Eight hours and several buses later, we arrived in Otavalo, north of Quito. A city of 90,000 with a large indigenous population, Otavalo is famed for its huge Saturday market. A third of the town actually transforms into stalls selling everything from hand-woven textiles, jewelry, musical instruments, leather goods, raw foods and imported items like clothing and shoes. Many of the stalls also sold pretty indigenous clothing like blouses, skirts and colorful hair ribbons. Of course there was a huge selection of food carts and fresh juices as well.

We started the day at 6:00 am by visiting the animal market where bulls, cows and pigs were being showcased and sold on a dirt-packed parking lot. There were smaller animals like guinea pigs (dinner, anyone?), chickens and goats for sale on many street corners. The hustle and bustle was entertaining and fun to observe. We were especially fascinated watching people line up to drink fresh goat milk that was milked to order, straight from teat to cup. Ummmm fresh!

We spent most of the day walking up and down the streets taking it all in. The market was, for the most part, clean and orderly. We had vendors say hello to us, but largely we were left alone which was a welcome change from the incessant hawkers common in many of the other markets. We had a wonderfully stimulating day and I now have a beautiful South American necklace (my only souvenir!) as a reminder of our 10 months down here.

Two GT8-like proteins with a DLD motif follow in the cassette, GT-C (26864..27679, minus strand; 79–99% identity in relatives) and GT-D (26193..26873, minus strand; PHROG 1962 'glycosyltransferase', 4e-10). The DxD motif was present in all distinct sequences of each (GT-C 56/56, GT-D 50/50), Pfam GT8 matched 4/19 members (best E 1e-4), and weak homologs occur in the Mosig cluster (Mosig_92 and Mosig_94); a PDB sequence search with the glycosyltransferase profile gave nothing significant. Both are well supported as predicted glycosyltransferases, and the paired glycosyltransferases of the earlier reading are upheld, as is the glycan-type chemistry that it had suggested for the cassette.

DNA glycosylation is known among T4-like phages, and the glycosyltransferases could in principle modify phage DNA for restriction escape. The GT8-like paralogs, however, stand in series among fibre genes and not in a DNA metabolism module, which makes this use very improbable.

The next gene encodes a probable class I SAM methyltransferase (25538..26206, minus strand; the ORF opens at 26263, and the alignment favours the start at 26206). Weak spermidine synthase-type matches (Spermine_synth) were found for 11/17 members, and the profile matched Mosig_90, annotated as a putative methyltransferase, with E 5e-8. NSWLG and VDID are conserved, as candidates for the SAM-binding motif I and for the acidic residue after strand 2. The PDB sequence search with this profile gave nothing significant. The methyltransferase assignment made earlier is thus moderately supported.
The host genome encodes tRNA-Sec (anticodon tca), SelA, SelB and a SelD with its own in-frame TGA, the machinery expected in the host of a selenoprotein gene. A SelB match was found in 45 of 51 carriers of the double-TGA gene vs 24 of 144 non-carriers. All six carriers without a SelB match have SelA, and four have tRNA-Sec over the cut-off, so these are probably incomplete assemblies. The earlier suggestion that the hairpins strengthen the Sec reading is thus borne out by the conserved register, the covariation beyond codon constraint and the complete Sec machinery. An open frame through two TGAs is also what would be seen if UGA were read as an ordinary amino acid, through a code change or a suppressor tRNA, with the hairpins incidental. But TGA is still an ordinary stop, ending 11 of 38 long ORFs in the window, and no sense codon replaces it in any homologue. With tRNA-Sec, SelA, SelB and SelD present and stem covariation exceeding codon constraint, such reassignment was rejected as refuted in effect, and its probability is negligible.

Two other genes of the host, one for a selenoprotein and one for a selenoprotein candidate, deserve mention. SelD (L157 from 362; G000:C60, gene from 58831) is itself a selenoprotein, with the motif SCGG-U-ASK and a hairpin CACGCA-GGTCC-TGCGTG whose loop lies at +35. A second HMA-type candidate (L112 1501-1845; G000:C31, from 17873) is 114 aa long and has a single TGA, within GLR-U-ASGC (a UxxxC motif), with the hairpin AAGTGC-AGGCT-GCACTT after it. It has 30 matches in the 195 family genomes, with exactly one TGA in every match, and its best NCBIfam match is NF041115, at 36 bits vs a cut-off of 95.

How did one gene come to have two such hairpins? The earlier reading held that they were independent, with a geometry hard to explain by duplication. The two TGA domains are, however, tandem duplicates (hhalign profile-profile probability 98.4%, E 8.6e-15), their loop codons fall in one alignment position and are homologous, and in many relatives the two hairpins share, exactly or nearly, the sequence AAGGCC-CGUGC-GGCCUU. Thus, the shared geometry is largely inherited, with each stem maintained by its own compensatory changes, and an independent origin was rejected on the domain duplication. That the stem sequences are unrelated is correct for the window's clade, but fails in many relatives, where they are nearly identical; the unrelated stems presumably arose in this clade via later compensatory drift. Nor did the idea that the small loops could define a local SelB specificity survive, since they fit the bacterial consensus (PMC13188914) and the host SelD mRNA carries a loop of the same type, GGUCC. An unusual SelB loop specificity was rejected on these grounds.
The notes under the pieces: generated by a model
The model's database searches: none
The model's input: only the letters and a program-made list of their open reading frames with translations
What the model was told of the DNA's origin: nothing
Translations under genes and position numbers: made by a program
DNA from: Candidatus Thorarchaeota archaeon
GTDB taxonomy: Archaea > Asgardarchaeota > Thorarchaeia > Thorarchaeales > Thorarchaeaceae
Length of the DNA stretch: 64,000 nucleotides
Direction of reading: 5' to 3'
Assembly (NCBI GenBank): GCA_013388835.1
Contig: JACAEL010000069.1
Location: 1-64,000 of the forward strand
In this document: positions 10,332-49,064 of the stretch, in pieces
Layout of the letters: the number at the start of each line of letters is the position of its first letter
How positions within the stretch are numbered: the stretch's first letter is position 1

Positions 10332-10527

Cotacachi: Cowboy Festival 

Cotacacachi is only a 30 minute bus ride from Otavalo, which just might make that our shortest bus ride in South America! Our American friends Sandy and Tayo, whom we met on the Ecuadorian coast in Olón, were waiting for us with open arms at the bus terminal. It was so fun to see them again. I don’t think we stopped talking all day.

Sunday happened to be the Cowboy Festival, complete with a horse parade down main street and a (gentle) bull fight in the outdoor arena. It was fun to see the locals in all their cowboy splendor.

Tayo made us guacamole for dinner, and we all had a big laugh when Harry and Sandy went to the store to buy chips and inadvertently came home with a huge bag of cheese puffs. Who knew you could buy cheese puffs in Ecuador? They were good in that tasty-but-gross kind of way. Then the power went out, so we ended up eating cheese puffs and guacamole — an interesting and quite tasty combination — by candlelight. We discussed at length the political and social differences between Ecuador and the US. We truly enjoyed our 20 hours together! We were so appreciative of their hospitality, friendship and the endless hot water in the shower.